Criticizing the Competitor Does not Win Customer Trust

From years of research across multiple categories, in general, people don’t trust other people, brands or businesses that criticize the competitor. It doesn’t show great sportsmanship. And if you don’t have enough good to say about your own brand, without criticizing the competitor, then you have a problem.

Banks Bashing Banks

Over the weekend, I saw two banks bash the competitors to take advantage of the Royal Banking Commission and trust issues with financial services, in particular the big four banks.

One of them, Bank West, copped their own share of criticism from consumers over their campaign last year, and they’ve decided to run with it again, highlighting big banks with the chopper mnemonic for the Westpac brand. It’s not open and honest. It feels sly and underhanded, like they’re stabbing Westpac in the back. And within the context of Westpac’s brand position of “help when it matters”, built on a platform of years of supporting the community with NSW’s beloved Westpac Rescue Helicopter, it doesn’t feel like a wise move from an out-of-towner.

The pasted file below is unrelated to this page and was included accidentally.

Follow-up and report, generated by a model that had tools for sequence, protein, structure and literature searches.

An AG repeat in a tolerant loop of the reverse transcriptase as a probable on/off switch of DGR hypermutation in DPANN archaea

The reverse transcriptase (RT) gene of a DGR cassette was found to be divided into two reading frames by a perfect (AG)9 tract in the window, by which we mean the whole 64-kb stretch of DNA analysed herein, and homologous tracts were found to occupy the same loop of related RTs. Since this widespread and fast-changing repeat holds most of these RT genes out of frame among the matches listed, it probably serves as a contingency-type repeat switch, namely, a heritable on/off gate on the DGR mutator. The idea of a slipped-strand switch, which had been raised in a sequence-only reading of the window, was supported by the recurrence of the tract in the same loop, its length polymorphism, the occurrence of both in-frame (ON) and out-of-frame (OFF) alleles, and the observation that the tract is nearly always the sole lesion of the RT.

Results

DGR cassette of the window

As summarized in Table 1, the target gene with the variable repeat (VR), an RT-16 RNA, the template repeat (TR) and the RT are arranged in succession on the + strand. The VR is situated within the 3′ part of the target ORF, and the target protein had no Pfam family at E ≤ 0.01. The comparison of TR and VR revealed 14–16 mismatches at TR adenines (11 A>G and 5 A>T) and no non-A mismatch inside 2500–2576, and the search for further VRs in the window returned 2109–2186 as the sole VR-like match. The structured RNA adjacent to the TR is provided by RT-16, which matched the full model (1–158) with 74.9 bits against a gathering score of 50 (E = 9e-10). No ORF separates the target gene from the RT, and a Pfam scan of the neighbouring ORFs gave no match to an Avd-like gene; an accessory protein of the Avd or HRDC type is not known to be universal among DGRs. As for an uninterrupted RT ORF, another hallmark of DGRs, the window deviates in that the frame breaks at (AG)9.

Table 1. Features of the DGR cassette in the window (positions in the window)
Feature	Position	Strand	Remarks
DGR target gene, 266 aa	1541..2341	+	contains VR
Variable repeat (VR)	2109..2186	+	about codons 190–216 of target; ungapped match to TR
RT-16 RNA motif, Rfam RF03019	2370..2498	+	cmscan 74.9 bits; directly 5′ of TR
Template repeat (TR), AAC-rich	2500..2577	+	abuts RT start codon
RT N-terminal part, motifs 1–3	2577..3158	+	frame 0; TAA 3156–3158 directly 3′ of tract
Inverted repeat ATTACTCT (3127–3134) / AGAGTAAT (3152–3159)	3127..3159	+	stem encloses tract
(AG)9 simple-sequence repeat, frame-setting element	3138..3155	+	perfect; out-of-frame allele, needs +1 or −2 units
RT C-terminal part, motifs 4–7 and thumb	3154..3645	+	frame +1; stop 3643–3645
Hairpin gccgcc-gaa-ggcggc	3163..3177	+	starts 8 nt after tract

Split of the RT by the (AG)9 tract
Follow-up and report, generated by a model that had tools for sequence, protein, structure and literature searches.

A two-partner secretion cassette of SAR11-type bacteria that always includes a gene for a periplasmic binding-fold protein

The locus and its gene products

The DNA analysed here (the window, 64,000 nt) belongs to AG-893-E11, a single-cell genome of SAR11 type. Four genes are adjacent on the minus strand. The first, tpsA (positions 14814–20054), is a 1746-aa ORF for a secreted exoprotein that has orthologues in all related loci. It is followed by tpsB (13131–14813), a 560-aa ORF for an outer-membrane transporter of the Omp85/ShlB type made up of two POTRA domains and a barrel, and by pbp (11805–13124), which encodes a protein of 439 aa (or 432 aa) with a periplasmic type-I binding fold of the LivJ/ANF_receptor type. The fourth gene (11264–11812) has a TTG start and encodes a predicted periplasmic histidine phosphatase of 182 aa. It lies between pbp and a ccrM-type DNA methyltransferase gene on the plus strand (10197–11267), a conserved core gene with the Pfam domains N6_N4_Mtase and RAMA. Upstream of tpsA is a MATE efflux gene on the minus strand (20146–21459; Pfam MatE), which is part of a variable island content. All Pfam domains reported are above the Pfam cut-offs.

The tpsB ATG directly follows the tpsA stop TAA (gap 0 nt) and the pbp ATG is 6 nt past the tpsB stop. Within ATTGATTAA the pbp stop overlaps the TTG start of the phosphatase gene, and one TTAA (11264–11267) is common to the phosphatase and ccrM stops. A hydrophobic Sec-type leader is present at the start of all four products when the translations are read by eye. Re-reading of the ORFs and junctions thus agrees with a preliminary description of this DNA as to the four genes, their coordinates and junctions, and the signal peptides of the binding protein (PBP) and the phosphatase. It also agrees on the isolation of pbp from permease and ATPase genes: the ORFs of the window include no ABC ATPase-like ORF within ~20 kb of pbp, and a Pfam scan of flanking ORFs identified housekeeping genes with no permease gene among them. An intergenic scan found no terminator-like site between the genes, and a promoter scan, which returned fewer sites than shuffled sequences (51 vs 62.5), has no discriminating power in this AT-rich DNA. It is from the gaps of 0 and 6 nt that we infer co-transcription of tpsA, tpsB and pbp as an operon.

The other one was Bendigo Bank. I was first taken aback hearing them raise issue with the ”Big 4” banks. For a bank brand that is a straight shooter and has so much good to say about how they’ve helped communities from the grass roots, Bendigo don’t have to go there. What came next was plain confusing as they communicated their size now means they’re one of them “the fifth bank”. Is this a case of “if you can’t beat them, join them”… quite literally? For years, I’ve trusted Bendigo Bank because I knew what they stood for, their smaller size and community nature meant closeness, knowing me, personal customer service, caring about my community’s financial wellbeing. This “big five” bank that raises issue with the “big 4” banks is foreign to me.

Is there a Way to Compare without Criticizing?

Years ago, when NAB launched the much-revered “Break Up” campaign, it referenced the competitors. It was direct in breaking up with the category, with letters addressed directly to the competitor. It was anything but underhanded. It felt open and honest, and trustworthy. So it can be done. But this is a once in a blue moon idea.

What Action Do I Need to Take?

Think about:

  • Do you really need to criticize the competitor to get your point across?
  • What is criticizing the competitor saying about your brand? Will it build or weaken trust in your brand?
  • What are the good things you can say about your brand that will leave people thinking “my brand doesn’t do that” without you having to say it?

 

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